operating models include the following:
Marketplace and pick-up & drop is a model where
sellers often partner with leading marketplaces to set up a
dedicated online store on the latters website. Here sellers
play a key role of managing inventory and driving sales.
They leverage on high traffic on the marketplaces website
and access their distribution network. However, the sellers
have limited say on pricing and customer experience.
Self-owned inventory is a model where the eCommerce
player owns the inventory. The model provides better postpurchase customer experience and fulfilment. It provides
smoother operations due to ready information on the
inventory, location, supply chain and shipments, effectively
leading to better control over inventory. On the flipside,
however, there are risks of potential mark downs and
working capital getting tied up in inventory.
Private label reflects a business where an eCommerce
company sets up its own brand goods, which it sells
through its own website. This model offers a wide-ranging
products and pricing to its customers and competes with
branded labels. Here, margins are typically higher than
third-party branded goods.

Orders per month (in million)

2012

Online business models

12

White label involves the setting up of a branded online


store managed by the eCommerce player or a third party.
The brand takes the responsibility of generating website
traffic and providing services by partnering with payment
gateways. It helps build trust, customer affinity and
loyalty and provides better control of brand and product
experience.

Investments in the eCommerce sector


With the new government being elected, business confidence has
significantly improved. In 2014, investors aggressively funded the
eCommerce sector due to strong growth prospects. Apart from
the traditional online formats of retail and lifestyle, newer online
business segments such as classifieds, real estate, grocery and
healthcare were also tapped.

The eCommerce businesses will continue to attract investor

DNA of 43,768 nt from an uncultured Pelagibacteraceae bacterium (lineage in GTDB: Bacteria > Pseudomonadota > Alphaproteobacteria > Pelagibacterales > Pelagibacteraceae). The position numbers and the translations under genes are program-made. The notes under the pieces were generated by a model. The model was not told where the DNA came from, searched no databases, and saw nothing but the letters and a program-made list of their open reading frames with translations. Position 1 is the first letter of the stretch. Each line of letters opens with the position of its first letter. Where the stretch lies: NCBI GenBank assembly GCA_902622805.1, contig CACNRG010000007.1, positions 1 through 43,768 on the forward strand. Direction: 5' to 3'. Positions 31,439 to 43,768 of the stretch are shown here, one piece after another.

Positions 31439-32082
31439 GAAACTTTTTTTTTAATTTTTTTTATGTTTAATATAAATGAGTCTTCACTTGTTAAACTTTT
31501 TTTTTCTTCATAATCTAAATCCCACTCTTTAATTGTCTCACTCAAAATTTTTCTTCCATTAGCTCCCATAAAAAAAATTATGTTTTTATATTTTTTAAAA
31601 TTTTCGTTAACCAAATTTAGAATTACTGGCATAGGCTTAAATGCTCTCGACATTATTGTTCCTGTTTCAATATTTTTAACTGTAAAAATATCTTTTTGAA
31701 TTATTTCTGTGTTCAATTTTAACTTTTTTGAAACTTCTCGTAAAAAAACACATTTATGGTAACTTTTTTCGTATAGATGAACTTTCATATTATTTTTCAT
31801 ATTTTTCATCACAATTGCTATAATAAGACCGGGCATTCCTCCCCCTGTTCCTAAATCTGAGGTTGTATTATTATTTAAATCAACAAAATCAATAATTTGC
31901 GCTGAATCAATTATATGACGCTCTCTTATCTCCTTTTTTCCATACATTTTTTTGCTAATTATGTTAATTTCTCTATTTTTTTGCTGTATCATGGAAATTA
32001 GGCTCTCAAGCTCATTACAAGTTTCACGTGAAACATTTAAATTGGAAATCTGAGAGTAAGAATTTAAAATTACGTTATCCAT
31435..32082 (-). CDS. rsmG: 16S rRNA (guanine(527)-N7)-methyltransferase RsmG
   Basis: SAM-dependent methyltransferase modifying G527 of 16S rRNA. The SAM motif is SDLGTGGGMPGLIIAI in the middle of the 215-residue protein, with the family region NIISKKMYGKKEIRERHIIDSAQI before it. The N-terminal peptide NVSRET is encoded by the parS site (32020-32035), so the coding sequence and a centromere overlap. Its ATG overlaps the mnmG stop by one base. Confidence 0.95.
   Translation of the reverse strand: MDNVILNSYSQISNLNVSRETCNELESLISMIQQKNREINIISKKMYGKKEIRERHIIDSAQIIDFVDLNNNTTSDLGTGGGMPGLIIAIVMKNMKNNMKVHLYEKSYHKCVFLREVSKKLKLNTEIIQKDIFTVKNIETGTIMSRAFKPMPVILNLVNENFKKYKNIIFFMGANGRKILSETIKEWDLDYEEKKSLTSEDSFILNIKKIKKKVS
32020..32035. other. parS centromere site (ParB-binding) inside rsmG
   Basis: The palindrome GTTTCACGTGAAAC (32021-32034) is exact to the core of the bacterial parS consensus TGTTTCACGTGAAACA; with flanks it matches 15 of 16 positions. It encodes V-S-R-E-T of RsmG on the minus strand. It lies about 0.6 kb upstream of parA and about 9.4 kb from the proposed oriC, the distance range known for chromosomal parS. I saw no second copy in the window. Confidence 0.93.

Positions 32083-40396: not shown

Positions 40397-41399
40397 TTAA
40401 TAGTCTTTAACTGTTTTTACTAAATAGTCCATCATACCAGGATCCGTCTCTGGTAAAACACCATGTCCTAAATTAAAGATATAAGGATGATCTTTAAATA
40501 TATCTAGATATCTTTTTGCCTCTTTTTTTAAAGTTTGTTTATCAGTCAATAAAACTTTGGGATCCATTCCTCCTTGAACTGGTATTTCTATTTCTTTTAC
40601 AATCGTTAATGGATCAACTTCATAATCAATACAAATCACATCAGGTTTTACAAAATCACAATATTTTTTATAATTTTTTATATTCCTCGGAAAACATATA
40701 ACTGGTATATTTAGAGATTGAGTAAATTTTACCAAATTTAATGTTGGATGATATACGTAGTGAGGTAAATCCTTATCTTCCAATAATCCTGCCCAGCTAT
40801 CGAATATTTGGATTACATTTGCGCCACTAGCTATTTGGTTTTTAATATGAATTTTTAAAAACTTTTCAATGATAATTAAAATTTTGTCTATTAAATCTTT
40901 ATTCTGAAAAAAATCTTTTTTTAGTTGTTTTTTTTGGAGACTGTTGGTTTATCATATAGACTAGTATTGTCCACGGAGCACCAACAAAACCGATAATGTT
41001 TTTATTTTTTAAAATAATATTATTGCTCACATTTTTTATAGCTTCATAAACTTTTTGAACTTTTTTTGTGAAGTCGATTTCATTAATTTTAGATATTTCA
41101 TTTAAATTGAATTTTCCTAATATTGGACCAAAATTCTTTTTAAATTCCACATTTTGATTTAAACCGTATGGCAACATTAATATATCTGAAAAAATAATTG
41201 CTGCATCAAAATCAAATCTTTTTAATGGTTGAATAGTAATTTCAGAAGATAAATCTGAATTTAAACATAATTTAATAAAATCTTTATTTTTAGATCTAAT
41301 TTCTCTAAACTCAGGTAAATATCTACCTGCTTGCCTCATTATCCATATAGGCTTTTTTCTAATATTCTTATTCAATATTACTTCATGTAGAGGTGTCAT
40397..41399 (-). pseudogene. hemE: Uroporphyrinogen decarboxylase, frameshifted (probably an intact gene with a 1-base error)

interest. Several of Indias blue-chip PE firms, which previously
avoided investing in eCommerce, are now looking for
opportunities in the sector. The focus is mainly on ancillary
service providerscompanies involved in support functions
ranging from delivery, logistics and paymentswith investments
largely driven by the relatively lower valuations and smaller
amounts of capital required.

Top 20 PE deals in the eCommerce sector in 2014


Date

Company

Jul-14

Flipkart

Amount (million USD)


1,000

Morgan Stanley, GIC, Tiger Global, Accel India, Iconiq Capital, DST Global

Key investors

Dec-14

Flipkart

700

Tiger Global, Iconiq Capital, DST Global, Steadview, Qatar Investment Authority

Oct-14

Snapdeal.com

637

Temasek, PremjiInvest, SoftBank Corp

May-14

Flipkart

210

Tiger Global, Iconiq Capital, DST Global

Oct-14

Olacabs

210

Tiger Global, Matrix Partners India, SoftBank Corp, Steadview

Feb-14

Snapdeal.com

134

Kalaari Capital, Intel Capital, Nexus Ventures, Bessemer, Saama Capital

May-14

Snapdeal.com

100

Temasek, PremjiInvest

Nov-14

Housing.com

90

Helion Ventures, Nexus Ventures, Qualcomm Ventures, SoftBank Corp, DST Global, Falcon Edge
Capital

Mar-14

Quikr

90

Warburg Pincus, Norwest, Matrix Partners India, Nokia Growth Partners, Omidyar Network, Kinnevik

Sep-14

Quikr

60

Warburg Pincus, Norwest, Tiger Global, Matrix Partners India, Nokia Growth Partners, Omidyar
Network, Kinnevik

Nov-14

Zomato Media

60

Sequoia Capital India, Vy Capital

Feb-14

Myntra

50

Kalaari Capital, Tiger Global, IDG Ventures India, Accel India, PremjiInvest

Aug-14

Snapdeal.com

50

Ratan Tata

Jul-14

Olacabs

41.6

Sequoia Capital India, Tiger Global, Matrix Partners India, Steadview